Hillary Clinton called half of Trump voters “a basket of deplorables”. In all the discussions I have had with American “liberals”, they explained to me that Trump supporters were mostly uneducated white men.
However, I am old enough to remember an era when the all the leftwing parties, socialist or communist, and even American Democrats, were based on the workers or the “working class” or the “common man”. Nobody thought to inquire whether they had university degrees or to investigate whether or not their opinions were politically correct on issues such as racism, sexism or homophobia.
What defined the workers as progressive subjects was their economically exploited condition and not some ideological orthodoxy or moral purity.
At the end of the 1970s a great change took place within leftwing parties. They were increasingly dominated by academics and their ideology changed radically from that of the classical left.
Far from aiming to establish some form of socialism, or merely of social justice, the left turned into the champion of the fight for equal opportunity, against discrimination and prejudice, and – with the rise of globalization – the opening of markets.
The more or less mythical hero of the left was no longer the proletarian but the marginal, the migrant, the foreigner, the dissident, or the rebel – even if he happened to be a religious fanatic that no leftist intellectual would have anything to do with. One recalls how Jean-Jacques Rousseau made fun of those who pretend to love the Tartars in order to avoid loving their neighbors.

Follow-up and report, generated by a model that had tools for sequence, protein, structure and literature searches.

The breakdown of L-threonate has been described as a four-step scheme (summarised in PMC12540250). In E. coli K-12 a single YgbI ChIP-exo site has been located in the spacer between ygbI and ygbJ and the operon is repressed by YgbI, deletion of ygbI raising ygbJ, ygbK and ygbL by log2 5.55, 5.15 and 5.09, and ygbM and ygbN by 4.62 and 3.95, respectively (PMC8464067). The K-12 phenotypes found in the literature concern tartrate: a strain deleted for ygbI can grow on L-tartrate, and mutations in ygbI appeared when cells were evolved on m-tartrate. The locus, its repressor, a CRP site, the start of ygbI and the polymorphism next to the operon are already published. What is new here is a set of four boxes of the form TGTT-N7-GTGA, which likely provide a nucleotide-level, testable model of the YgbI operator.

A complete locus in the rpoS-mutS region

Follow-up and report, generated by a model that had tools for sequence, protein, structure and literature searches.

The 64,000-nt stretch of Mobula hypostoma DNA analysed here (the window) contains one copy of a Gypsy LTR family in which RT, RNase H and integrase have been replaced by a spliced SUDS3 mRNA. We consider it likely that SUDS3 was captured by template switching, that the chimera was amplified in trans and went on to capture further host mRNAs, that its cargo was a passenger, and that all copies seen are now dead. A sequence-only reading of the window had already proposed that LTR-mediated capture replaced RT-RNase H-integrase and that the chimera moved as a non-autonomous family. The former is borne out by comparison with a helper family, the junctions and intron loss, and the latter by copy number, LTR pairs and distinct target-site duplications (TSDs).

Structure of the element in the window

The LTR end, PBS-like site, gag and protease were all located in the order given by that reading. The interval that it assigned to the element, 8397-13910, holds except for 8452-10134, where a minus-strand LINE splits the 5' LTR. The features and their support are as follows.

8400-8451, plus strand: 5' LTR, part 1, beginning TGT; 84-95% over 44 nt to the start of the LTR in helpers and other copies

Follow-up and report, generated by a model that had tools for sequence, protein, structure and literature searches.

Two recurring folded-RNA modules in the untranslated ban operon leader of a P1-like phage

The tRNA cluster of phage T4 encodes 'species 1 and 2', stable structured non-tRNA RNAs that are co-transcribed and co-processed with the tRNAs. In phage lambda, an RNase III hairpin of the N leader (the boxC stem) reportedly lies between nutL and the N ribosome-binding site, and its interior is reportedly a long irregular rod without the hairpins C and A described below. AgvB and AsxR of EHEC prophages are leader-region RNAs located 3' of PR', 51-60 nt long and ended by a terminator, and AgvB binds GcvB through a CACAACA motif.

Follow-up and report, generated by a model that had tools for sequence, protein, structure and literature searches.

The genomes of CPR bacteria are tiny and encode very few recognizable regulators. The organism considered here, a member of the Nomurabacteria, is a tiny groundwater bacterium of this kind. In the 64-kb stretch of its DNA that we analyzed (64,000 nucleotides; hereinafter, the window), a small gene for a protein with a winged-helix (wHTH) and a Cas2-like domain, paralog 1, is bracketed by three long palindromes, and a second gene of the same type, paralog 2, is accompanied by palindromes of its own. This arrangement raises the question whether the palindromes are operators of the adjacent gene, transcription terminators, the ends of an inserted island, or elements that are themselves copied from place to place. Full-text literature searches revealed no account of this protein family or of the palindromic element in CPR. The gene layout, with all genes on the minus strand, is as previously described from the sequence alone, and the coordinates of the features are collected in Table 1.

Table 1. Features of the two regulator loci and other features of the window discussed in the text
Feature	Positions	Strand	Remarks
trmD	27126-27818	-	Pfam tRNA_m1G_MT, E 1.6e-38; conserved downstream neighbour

Little by little a new class alliance formed: the one percent as it is called, or more realistically the richest ten percent who benefit from globalization are allied with the middle class intelligentsia to sell us globalization in the name of “openness to others” and which flaunt the specter of racism or sexism to attract minorities and certain feminists (for although women are not a minority, certain feminist demands are similar to those of minorities).
But that alliance was extremely unnatural in socio-economic terms, because the main victims of globalization are the least qualified workers, often women or members of minorities.
The left’s pro-globalization bias led it astray step by step. First it gave up all effort at regulating the economy, satisfying itself with claiming to share the fruits of growth fairly by ensuring “equal opportunity”. But in the real world, inequalities grew far more than the economy.
They also imagined that international law could be abolished and that a certain “international community” – in practice the United States and its allies – would maintain world order by military means. Again, in the real world that only created chaos, refugees and resistance to that American order. In fact, in the long term, the American population itself came down with a strange disorder, “war fatigue”. Except for a minority of ideologues, hardly anyone in the United States wants to bear the costs of an empire